Challenge to Landmarks’ Approval of Gansevoort Redevelopment Fails

Blockfront on Gansevoort Street in Meatpacking District. Image credit: GoogleMaps

Landmarks Commission approved redevelopment of five buildings in the Gansevoort Market Historic District. On June 7, 2016, the City’s Landmarks Preservation Commission voted, in a divided decision, to award Certificates of Appropriateness to redevelop a block face in the Gansevoort Market Historic District between Greenwich and Washington Streets in Manhattan. The work, spanning five buildings and three tax lots, entailed the construction of three additional stories onto a two-story building at 60-68 Gansevoort Street, a new 82-foot-high building  at the corner of Washington Street replacing  a bus depot, and a new four-story building replacing a former market structure at 50 Gansevoort Street. The project also included the restoration of a Moderne-style market building, and the retention of historic facades. The developer lowered the height of one building and altered facade arrangements to better integrate with historic architecture, after comments by commissioner after the initial hearing.

The application was widely opposed by elected officials, area residents and preservation advocates.

Save Gansevoort LLC and the Historic Districts Council filed an article 78 petition challenging the approval, arguing that Landmarks permitted changes so significant that they altered not just the subject buildings, but the entire character of the historic district as a market district. The petitioners claimed that approving such work was tantamount to rescinding or redefining the historic district designation without going through the necessary procedures as defined in the Landmarks Law.  The petitioners contended that the district’s history as a market was intended to be protected by designation. Jay Shockley, formerly of the Landmarks’ Commissions research department and the author of the original Gansevoort designation report, agreed with the petitioners in an affidavit.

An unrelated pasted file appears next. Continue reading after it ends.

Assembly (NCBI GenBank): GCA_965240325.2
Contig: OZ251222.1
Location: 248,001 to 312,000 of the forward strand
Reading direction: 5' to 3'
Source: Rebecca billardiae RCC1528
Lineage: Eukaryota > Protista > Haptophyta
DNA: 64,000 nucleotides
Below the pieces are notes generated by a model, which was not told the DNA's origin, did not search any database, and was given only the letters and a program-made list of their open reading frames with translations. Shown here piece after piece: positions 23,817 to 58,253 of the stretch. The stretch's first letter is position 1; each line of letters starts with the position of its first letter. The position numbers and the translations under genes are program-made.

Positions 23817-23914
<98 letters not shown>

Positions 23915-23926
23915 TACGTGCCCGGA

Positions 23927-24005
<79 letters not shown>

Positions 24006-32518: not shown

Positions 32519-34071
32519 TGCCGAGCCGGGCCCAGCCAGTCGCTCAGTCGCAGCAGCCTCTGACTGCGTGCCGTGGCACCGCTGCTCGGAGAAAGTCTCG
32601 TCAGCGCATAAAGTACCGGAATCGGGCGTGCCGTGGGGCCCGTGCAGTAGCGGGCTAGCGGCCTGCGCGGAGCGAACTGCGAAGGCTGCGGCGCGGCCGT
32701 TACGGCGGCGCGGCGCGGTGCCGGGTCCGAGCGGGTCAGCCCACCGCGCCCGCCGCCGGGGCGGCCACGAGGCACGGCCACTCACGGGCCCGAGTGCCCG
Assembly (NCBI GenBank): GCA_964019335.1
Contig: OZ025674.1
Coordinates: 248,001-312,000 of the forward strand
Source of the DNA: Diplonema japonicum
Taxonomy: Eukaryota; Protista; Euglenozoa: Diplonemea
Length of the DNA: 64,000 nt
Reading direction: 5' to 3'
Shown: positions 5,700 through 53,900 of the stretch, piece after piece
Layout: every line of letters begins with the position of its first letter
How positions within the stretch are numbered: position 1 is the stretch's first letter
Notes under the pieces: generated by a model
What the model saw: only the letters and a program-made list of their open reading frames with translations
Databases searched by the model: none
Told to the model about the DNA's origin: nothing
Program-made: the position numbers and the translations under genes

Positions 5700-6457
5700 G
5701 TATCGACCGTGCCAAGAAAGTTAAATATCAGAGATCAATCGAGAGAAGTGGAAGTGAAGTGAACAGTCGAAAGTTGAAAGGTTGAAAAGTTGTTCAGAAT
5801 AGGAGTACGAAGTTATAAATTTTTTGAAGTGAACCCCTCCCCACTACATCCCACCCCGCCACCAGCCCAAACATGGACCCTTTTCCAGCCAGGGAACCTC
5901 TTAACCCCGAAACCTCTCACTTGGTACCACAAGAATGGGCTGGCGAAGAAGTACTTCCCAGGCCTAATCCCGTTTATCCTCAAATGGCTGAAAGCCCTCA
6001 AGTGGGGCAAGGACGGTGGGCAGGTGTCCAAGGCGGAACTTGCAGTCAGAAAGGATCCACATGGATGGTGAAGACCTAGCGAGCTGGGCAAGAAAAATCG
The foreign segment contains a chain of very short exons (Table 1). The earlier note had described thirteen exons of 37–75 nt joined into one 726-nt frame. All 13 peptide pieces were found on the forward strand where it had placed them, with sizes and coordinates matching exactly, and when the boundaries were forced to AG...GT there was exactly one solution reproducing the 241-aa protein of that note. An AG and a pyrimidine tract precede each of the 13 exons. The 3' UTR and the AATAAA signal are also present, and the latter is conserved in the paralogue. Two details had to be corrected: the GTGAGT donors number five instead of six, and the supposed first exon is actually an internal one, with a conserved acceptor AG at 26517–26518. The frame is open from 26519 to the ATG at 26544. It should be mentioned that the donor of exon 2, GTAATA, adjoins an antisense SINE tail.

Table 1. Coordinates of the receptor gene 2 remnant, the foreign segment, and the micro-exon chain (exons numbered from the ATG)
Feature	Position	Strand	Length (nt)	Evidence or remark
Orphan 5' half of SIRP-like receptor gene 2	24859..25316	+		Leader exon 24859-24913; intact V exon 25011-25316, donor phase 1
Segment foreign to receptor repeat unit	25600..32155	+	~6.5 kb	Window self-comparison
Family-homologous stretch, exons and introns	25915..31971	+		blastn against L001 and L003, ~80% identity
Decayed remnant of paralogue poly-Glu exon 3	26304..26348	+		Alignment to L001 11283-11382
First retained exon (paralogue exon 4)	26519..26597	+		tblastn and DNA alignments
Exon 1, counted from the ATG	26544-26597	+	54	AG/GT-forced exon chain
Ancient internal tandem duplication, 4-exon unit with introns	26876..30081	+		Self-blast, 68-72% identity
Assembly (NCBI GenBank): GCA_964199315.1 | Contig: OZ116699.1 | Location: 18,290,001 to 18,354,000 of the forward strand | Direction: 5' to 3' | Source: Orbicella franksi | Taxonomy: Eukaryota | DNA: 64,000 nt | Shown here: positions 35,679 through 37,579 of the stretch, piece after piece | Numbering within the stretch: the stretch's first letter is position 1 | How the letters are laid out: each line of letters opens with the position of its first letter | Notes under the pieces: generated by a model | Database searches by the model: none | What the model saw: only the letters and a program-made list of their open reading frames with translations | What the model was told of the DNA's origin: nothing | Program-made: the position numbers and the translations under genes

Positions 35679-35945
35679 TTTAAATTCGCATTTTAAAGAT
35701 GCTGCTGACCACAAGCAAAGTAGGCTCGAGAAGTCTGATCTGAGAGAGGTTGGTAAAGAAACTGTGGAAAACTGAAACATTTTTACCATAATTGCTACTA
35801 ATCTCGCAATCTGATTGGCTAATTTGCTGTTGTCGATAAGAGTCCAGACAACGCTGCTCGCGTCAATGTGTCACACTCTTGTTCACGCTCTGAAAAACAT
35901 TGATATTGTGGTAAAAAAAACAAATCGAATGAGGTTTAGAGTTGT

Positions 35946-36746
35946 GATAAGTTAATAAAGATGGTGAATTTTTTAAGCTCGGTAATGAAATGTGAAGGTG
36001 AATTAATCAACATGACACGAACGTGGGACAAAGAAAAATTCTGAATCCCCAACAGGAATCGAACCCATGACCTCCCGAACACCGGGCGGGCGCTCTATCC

Manhattan Supreme Court Judge Joan B. Lobis dismissed the petition. In an Article 78 challenge, a court may only overturn the decision of a City agency if it is irrational, an abuse of discretion, or a violation of its legal duty. Judge Lobis noted that Landmarks held a hearing that spanned a full day and more, that the commissioners discussed the project’s impact at length, and that the develop adopted changes to make the project’s design and scale more consistent with district.  The agency’s review was not cursory or irrational. Lobis further noted that in a district composed of 104 buildings, the demolition of two did not amount to a rescission of the district’s designation.

Save Gansevoort LLC v. City, 2017 N.Y. Slip Op. 30563(U) (N.Y.Cty.Sup.Ct. Mar. 27, 2017) (Attorneys: Michael Hiller, for Save Gansevoort; Zachary W. Carter, Sheryl Neufeld, Mark W. Muschenheim, Mark A. Silberman, for City; Karen Binder, for Developers).

By: Jesse Denno (Jesse is a full-time staff writer at the Center for NYC Law).

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